The Sump Syndrome describes a constellation of findings seen in some patients who have had surgery connecting the biliary system and small bowel.


Clinical features of the sump syndrome:

(1) history of surgery that connects the biliary system and small bowel (choledochoduodenostomy, cholechojejunostomy, hepaticojejunostomy, other)

(2) bile stasis

(3) reflux of bilio-enteric contents into the common bile duct

(4) ascending cholangitis with or without infectious complications (hepatic abscess, sepsis)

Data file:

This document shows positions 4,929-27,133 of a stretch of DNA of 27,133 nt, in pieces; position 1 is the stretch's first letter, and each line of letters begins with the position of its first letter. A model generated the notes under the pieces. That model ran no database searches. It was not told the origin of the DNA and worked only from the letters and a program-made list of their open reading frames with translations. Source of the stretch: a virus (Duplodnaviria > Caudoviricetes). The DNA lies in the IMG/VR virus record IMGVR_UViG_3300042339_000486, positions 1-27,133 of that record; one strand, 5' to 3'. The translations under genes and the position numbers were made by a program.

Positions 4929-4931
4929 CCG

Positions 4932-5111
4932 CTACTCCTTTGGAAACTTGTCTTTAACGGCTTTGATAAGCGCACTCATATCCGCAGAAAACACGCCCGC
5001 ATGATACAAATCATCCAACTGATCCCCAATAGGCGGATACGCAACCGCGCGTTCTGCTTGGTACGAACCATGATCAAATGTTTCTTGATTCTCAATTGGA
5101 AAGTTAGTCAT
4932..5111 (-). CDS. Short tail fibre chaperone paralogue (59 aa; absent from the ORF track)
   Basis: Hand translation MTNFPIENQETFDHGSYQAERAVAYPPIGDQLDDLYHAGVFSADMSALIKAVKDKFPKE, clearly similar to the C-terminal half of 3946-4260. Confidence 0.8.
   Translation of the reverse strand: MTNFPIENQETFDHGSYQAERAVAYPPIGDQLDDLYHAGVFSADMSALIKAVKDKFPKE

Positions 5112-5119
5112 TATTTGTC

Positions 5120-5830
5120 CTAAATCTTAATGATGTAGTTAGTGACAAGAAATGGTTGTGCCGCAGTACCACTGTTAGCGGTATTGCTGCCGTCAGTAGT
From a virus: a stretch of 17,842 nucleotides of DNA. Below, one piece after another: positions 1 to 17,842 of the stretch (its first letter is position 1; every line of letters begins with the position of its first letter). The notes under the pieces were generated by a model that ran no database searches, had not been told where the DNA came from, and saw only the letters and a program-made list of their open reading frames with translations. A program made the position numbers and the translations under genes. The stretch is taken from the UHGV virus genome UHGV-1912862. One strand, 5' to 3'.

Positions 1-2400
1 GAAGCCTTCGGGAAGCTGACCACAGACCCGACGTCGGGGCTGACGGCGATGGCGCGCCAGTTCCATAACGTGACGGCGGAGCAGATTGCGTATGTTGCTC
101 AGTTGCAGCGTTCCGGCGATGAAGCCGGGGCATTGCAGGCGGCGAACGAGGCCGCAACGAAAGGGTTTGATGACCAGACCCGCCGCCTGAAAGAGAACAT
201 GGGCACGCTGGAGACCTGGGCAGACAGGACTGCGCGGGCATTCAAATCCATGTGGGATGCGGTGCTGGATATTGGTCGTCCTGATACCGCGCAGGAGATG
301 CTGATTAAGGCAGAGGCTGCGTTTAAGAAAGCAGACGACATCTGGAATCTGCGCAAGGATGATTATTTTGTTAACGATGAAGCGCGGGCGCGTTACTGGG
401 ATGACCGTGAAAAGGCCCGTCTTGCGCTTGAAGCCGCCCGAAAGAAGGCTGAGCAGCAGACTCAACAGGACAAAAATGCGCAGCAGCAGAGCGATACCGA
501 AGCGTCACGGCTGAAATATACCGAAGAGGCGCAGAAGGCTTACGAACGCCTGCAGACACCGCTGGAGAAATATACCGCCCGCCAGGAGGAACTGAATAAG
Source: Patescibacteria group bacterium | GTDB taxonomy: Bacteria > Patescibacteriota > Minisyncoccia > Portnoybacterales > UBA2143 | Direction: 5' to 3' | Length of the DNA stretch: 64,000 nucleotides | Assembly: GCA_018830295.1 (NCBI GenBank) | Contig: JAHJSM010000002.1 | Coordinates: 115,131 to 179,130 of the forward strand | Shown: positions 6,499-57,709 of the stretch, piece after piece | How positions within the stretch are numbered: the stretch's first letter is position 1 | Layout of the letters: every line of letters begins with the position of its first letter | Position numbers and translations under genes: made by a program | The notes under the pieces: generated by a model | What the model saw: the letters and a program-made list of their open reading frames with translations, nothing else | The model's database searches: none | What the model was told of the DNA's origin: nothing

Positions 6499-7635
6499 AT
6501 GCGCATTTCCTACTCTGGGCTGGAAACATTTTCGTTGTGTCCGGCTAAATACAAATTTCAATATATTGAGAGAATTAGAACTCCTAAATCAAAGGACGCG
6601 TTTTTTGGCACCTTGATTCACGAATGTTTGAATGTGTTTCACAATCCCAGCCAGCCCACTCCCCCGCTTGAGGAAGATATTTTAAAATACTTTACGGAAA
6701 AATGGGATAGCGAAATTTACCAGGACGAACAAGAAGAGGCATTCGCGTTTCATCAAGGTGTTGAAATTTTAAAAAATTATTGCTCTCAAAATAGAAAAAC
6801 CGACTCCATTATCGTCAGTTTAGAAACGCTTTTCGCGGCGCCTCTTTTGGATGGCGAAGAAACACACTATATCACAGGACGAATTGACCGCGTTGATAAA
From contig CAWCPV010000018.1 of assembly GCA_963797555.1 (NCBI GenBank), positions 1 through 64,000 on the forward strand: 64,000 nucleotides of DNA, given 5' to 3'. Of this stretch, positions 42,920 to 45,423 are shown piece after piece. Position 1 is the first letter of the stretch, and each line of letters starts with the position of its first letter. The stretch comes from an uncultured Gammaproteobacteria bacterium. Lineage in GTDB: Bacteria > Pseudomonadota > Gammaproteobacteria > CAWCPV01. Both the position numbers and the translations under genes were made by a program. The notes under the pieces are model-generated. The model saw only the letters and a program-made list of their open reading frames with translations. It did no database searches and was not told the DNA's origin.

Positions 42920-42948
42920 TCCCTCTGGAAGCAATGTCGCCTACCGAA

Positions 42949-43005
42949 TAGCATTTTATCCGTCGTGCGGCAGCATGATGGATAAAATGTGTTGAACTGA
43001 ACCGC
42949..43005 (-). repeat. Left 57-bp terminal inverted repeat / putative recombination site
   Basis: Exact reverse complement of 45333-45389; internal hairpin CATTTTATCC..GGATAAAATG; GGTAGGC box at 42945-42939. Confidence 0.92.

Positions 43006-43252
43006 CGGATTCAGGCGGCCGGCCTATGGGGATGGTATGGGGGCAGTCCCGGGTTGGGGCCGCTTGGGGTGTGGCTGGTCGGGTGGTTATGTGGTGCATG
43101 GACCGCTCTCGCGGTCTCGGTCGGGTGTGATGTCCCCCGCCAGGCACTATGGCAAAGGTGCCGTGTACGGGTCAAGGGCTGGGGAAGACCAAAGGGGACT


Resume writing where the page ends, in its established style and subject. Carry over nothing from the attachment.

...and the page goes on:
(5) absence of anastomotic stricture


Stagnant bile mixed with enteric contents can develop debris, stones and bacterial overgrowth.


The frequency of the sump syndrome varies with the various types of surgery. It is fairly common with a side-to-side choledochojejunostomy and uncommon with a Roux-en-Y hepaticojejunostomy with a long Roux loop.


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